New riders buying cruisers - Sportbike Forum: Sportbike Motorcycle Forums
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post #1 of 13 (permalink) Old 12-11-2001, 07:26 AM Thread Starter
 
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New riders buying cruisers

Is it just me, or do you know a lot of people that are new to the sport of motorcycle riding (young people 35 yrs old or younger) that make the decision to buy a motorcycle and then they go out and buy a cruiser (harley, Honda, whatever)? You find out a short time later that they are totally unsatisfied with their cruiser, or have already sold it and bought a sport bike.
I know quite a few people like this and I feel like they are just throwing their money away when they tell me how cool the new Honda Shadow is.
I can see why having a cruiser might have it's enjoyable times, but I can NEVER see myself having one as a replacement for my sport bike. I never had a doubt that one of the reasons I wanted to ride a motorcycle was because they were fast, high performance machines. The other ones were, love of the outdoors, feeling of freedom, wind in your hair, blah blah blah. Why can't everyone that makes these mistakes take a close look at what they want and realize that they can have 99% of the same things from a sport bike as you can from a cruiser + have the performance when you want to tear it up?
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post #2 of 13 (permalink) Old 12-11-2001, 08:48 AM
 
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My theory.

At first, cruisers are not intimidating, what with their low seat height and user-friendly power, so a newbie is attracted to them. Later, when their riding skills increase, they want more, thus they buy a sportbike. TAH DAH!!
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post #3 of 13 (permalink) Old 12-11-2001, 08:58 AM
 
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Thumbs up

I'm one of those people who started on a cruiser. I was intimidated by sport bikes.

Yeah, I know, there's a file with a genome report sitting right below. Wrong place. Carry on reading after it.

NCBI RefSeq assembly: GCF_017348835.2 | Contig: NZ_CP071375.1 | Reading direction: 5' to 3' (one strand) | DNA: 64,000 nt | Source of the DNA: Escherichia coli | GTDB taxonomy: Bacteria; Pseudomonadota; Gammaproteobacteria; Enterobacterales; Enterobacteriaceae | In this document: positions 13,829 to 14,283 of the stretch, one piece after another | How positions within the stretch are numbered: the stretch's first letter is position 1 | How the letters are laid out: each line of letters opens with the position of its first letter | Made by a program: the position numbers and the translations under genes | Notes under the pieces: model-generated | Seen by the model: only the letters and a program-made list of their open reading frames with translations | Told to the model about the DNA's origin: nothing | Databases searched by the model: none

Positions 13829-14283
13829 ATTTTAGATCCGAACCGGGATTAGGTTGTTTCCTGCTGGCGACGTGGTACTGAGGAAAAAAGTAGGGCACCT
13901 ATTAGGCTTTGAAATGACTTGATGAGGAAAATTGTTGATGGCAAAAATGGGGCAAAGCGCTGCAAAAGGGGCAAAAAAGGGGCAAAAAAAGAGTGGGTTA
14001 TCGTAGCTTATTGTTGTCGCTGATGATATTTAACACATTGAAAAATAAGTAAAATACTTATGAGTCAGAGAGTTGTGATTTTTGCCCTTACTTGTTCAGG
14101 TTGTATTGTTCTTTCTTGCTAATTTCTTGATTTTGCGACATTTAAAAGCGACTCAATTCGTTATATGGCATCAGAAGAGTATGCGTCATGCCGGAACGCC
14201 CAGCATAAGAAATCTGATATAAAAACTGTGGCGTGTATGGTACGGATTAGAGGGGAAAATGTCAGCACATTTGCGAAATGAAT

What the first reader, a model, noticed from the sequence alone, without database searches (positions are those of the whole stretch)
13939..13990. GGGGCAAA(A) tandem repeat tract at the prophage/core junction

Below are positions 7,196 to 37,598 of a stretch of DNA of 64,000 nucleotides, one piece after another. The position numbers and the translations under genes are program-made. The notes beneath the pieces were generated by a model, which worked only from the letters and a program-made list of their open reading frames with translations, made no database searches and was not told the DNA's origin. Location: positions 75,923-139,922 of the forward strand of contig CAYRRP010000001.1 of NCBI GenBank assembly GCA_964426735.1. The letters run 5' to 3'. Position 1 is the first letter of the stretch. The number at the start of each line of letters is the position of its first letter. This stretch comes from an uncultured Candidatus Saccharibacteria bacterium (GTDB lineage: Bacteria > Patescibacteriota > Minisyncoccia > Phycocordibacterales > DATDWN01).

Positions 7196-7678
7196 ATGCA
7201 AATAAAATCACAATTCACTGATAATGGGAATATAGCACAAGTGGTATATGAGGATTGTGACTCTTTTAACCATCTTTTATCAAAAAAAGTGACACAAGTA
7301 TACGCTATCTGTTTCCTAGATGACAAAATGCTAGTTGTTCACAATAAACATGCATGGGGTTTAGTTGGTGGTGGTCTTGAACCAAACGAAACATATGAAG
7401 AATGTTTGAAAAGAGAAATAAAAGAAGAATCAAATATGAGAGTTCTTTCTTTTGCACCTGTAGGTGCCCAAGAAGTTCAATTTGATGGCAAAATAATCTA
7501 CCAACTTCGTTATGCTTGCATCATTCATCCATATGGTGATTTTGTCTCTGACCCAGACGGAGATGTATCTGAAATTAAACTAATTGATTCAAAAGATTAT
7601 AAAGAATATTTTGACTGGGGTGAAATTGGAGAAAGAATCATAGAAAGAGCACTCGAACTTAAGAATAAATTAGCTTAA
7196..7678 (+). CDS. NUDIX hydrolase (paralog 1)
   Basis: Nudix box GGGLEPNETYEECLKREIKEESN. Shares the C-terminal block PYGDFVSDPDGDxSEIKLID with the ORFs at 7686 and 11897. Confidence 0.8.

Some people just like cruisers or tourers... personal taste I suppose. It's not a mistake. Same reasons you are sure you want a sport bike.

I wouldnt mind having a cruiser again as a second bike.
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post #4 of 13 (permalink) Old 12-11-2001, 02:50 PM
Rio
 
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I started out on a sportbike, and would never go without a sportbike. But I would consider a cruiser such as a the new Harly VRod as a second bike. The only reason I would ever want a cruiser though is the added comfort riding with a passenger. I love riding my R1, but when someone else wants to ride with me....I either find myself making an excuse to ride the Jeep or why they should drive separate *G*. I like my sportbike lightweight & nimble....
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post #5 of 13 (permalink) Old 12-11-2001, 03:07 PM
 
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Recently spent a lot of time on a cruiser. I would have one as a second bike. I really enjoyed it. For certain things. Cruisers are also a lot easier to do certain things due to the stability etc. But I too would get bored with one if it was my only bike.
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post #6 of 13 (permalink) Old 12-11-2001, 03:33 PM
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As the token harley boy here, allow me to point out a couple things. Please don't lump all Harleys (or HD riders) into the cruiser wannabee box. I ride a Road King, it's superb. Certainly not a track bike or a cruiser, but I can comfortably go two-up for 300-400 miles (depending on passenger agreeability). It's got decent performance for a touring bike and is very comfortable.

As previously stated, cruisers aren't intimidating to new riders. It's also a great way for us to have a wonderful supply of used bikes

I'm of the opinion that one should have at least 4 motorcycles: A dirtbike or dual sport, a cruiser or touring bike, a sportbike, and a vintage bike (so you appreciate just how blessed we are). Now you just need to convince your better-half to accept that premise

Ride safe & Happy Holidays

Our greatest challenge in life is living up to our own potential.
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post #7 of 13 (permalink) Old 12-11-2001, 09:07 PM
 
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My first bike was a sportbike and I always wanted a cruiser, my wife rides a Harley and after riding that a few times I decided I didn't like it and bought a touring bike(concours) and love it.. If I could only have one bike it'd be a goldwing!!

I also believe in what Tahoe says, you can never have to many bikes!!
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post #8 of 13 (permalink) Old 12-11-2001, 11:31 PM
 
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It is no more than different tools for different tasks. The problem for entry level riders is defining their own personal needs. One challenge is those needs are often murky. Another is that they may very likely change, as experience changes. A third is the needs may be multiple.

In my opinion, a sport bike is a uniquely personal tool that doesn't translate very well into shared activities with a passenger... at least not as comfortably as a cruiser can.

As an example, last Sunday morning I went riding my 6R while my wife went to church. I enjoyed the hell out of it. My route was exploratory, but I lucked out and covered about 70 miles of some pretty quiet, attractive, empty ground. One of my thoughts was "I wish she could enjoy this too, from the back seat."